Tuesday, 17 June 2014

What Is a Consonant?

The letters L and X in Scrabble tiles

CONSONANT

Noun. Late Middle English.
[Old French from Latin consonant-, consonans, present participle of consonare sound together, formed as CON-, SONANT.]

1(a) A letter of the alphabet that represents a consonantal sound. ME

1(b) An elementary speech sound other than a vowel, 
in which the air-stream is at least partly obstructed, 
and which in forming a syllable is usually combined with a vowel. E17

2 obsolete. = CONSONANCE. LME-E18

Were you ever taught what a consonant is? I mean, what it actually is rather than what they are? I was chatting about the difference between vowels and consonants the other day with my five-year-old daughter, who had just learnt that classic list A-E-I-O-U and was writing them out for her homework. While doing so, she asked me why these letters are vowels, but none of the others. It made me think that perhaps, often with the basic stuff we learn really early on, the details are just skipped over in education. Perhaps we assume that a child's mind would simply be overwhelmed if we tried to explain everything, or perhaps (and more likely) it's just easier for us smelly adults if we dismiss the enquiring why's and how come's with a wave of the hand and a curt "Because it just is, OK?"

So, what is a consonant? In short, it's a basic unit of speech in which the sound is made using an obstructed or partially obstructed air-stream. This is clearly apparent in the P sound in a word like push - the very puh is made by obstructing the air and building up pressure behind your lips. But take the O sound in a word like over, and the whole syllable is completed with an expansive circle for your breath to breeze through unhindered. Therefore, O is clearly a vowel.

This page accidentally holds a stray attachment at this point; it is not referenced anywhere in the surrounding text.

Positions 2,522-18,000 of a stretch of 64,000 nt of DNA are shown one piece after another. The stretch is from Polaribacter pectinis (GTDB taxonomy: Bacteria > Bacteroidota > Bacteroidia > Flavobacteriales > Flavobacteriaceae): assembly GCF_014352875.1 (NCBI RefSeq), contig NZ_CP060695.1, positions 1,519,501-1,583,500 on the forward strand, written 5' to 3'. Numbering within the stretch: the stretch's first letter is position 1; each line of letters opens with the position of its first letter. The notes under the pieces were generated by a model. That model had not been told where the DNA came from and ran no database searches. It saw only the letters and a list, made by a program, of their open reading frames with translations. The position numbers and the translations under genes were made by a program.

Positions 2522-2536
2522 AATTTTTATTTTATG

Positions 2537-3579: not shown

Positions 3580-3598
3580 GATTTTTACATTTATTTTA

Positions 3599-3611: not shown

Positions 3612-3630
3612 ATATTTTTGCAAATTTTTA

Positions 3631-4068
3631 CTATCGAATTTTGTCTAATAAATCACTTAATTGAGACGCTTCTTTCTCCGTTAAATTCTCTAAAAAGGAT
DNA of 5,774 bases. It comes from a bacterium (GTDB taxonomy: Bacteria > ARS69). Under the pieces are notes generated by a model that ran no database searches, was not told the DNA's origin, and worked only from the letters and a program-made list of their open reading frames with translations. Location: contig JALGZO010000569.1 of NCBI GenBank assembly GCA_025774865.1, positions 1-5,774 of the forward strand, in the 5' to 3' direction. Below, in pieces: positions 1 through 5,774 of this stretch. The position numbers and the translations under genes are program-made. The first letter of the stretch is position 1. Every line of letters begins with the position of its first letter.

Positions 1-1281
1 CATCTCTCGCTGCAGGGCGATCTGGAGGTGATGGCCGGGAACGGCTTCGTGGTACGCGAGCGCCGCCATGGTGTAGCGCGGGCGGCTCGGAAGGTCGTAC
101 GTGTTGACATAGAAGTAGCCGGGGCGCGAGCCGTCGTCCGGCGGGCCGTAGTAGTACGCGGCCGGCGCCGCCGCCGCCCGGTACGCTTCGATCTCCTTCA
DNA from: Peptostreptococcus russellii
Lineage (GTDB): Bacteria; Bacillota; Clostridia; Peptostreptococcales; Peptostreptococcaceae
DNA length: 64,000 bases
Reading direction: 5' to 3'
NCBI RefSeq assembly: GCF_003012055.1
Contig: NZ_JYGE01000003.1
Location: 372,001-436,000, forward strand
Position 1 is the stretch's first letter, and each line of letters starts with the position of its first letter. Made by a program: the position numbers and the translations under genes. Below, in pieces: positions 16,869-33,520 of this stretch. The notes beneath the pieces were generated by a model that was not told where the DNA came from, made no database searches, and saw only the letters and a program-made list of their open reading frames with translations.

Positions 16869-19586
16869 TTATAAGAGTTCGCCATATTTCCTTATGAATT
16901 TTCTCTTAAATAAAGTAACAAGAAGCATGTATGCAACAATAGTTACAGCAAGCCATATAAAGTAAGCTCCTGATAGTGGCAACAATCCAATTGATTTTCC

This is a very convenient distinction but, of course, English being English, it does rather like to muddle things up a bit. Is the letter Y, for example, a vowel or a consonant? Well, yes, obviously it's a consonant, because it's definitely not in the A-E-I-O-U list of vowels we learn in school. Technically, however, the answer is less clear, because in English Y functions as both a vowel and a consonant: in the word myth, for example, it behaves as a vowel, but in beyond it's clearly transformed itself into a consonant as it acts as an obstruction between the two vowels.

Whether or not Y is a vowel or consonant is really rather arbitrary, then. But, notes Oxford Dictionaries, as Y's consonant sound is not consistently represented by any other letter in English (unlike its vowel sound which can often be easily made with an I), this is probably the reason that Y is traditionally classed as a consonant.

Do please leave any comments below.

5 comments:

  1. It's even murkier than that, Eddie. You use an before a vowel, yes? As in an MP, an NGO...

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    1. My understanding, Sally, was that you use 'an' before a vowel sound, and 'a' before a consonant sound.

      In saying that, I cannot get my head around people saying 'an history', unless I'm willing to go all out farmer-style and drop the aitch entirely, which I'm not.

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    2. As in an hotel, and an herb(e)? That's fraightfully refained French-style, I think.
      You're quite right, of course, about 'an' before a vowel sound etc.

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  2. The older (British) convention dictated 'an' before a word beginning with a sounded H, but where the first syllable does not bear the stress: so it would be 'a history' but 'an historical phenomenon'. Not that many people in the UK bother any more, and Americans never did.

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    1. Nope. I've tried it. Tried it many times. And I still can't say it without dropping the aitch sound entirely and sounding like a farmer!

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